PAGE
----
Wednesday, 2 March 2016


Sometimes in life there are monumental decisions, and sometimes there are simply decisions.
Faced with a huge bill for car repairs, the decision about whether or not to sell this little chair becomes more and more one of head rather than heart.

Let me tell you about the chair, because it’s more unusual than you might think. This is a Campaign Chair, Victorian in era, and it comes apart – for taking with you to the battlefield. Truly! It was lovingly restored and re-covered a few years ago, the red leather seat adding to its quality. But it’s a little worrying having something like this around. We treat it with great respect, but as such it doesn’t easily fit into our everyday lives, and we haven’t really got room for it.

Why am I hesitating? It depresses me to think that I will miss it if it goes. We have sold many and various items in the last few years, either to raise money or to create space. You have to harden your heart, and I find this difficult. At times when life is depressing, one clings on to those familiar and loved objects which have been collected over the years. And who isn’t feeling even slightly depressed at the moment? My wonderful cousin with Parkinson’s Disease strives to maintain a positive outlook, and so should I – who have so much to be grateful for. This winter, though, has stretched my optimism to its limits. Am I alone in feeling conspired against by all of those establishments who strive to control our lives? Open any newspaper, switch on a radio or television, or consult your computer or phone, and you will be attacked by all things depressing. This is not good for anyone.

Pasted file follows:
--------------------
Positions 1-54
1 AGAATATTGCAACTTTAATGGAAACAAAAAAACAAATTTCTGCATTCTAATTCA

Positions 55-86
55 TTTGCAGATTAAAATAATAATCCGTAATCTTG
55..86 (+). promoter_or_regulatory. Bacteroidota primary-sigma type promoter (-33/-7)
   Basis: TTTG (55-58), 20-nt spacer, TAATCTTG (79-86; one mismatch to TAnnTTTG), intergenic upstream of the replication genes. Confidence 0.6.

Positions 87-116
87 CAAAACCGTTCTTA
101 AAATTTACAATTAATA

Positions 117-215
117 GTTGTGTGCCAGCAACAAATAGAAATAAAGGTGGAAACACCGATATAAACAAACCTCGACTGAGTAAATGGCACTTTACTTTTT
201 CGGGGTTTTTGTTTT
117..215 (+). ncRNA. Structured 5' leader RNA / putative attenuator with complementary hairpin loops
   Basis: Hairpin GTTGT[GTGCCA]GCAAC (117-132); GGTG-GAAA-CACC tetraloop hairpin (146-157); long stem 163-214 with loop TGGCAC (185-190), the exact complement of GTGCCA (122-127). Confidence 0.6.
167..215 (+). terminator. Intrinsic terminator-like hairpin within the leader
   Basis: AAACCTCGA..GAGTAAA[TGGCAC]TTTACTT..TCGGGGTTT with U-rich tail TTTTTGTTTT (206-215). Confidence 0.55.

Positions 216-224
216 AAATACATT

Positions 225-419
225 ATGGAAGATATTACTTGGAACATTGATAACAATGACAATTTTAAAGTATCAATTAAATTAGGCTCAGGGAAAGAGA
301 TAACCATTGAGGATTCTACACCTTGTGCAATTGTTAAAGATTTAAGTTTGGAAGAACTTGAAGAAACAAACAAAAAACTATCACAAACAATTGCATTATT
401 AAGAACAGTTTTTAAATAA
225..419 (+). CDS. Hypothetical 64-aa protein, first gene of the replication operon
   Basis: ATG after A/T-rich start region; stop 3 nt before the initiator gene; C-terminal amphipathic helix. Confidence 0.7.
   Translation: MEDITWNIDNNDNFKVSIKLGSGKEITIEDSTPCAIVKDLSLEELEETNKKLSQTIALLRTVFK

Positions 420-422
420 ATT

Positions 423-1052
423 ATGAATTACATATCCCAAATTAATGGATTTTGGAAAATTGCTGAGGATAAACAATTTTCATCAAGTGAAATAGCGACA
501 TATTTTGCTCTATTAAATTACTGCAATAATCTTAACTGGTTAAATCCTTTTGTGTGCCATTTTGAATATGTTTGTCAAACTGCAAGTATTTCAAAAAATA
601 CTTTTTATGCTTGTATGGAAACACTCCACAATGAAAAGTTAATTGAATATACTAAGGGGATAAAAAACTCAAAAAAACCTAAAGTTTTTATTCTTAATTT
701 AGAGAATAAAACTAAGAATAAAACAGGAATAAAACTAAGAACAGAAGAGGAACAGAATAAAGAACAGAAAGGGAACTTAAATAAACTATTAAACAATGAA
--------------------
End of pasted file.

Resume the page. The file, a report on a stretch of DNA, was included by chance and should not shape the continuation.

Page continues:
How important it is in life to maintain one’s sense of humour and hopefulness, and keep a cheerful spirit. This is my philosophy, but it is being sorely tried at the moment!
If anyone reading this is feeling run down, exhausted and depressed, then you are not alone. In fact there are thousands of us struggling to keep going, to maintain some kind of equilibrium and to feel that we are needed, appreciated and respected.

So I would like you to imagine, if you will, a Victorian soldier taking his chair with him to the 
battlefield, setting it up in his tent and using it in an entirely unsafe, hostile environment – because it maintains his dignity. This chair is a little reminder, perhaps, of his home and his family. It enables him to keep up the pretence that life is normal – when all around him are the brutal sounds of battle and the smells of death and disease. The picture of peaceful civilised life embodied in this piece of furniture is what gives him hope that he will go home. We all need something to give us hope.

The more I think about it, the more difficult the decision becomes…

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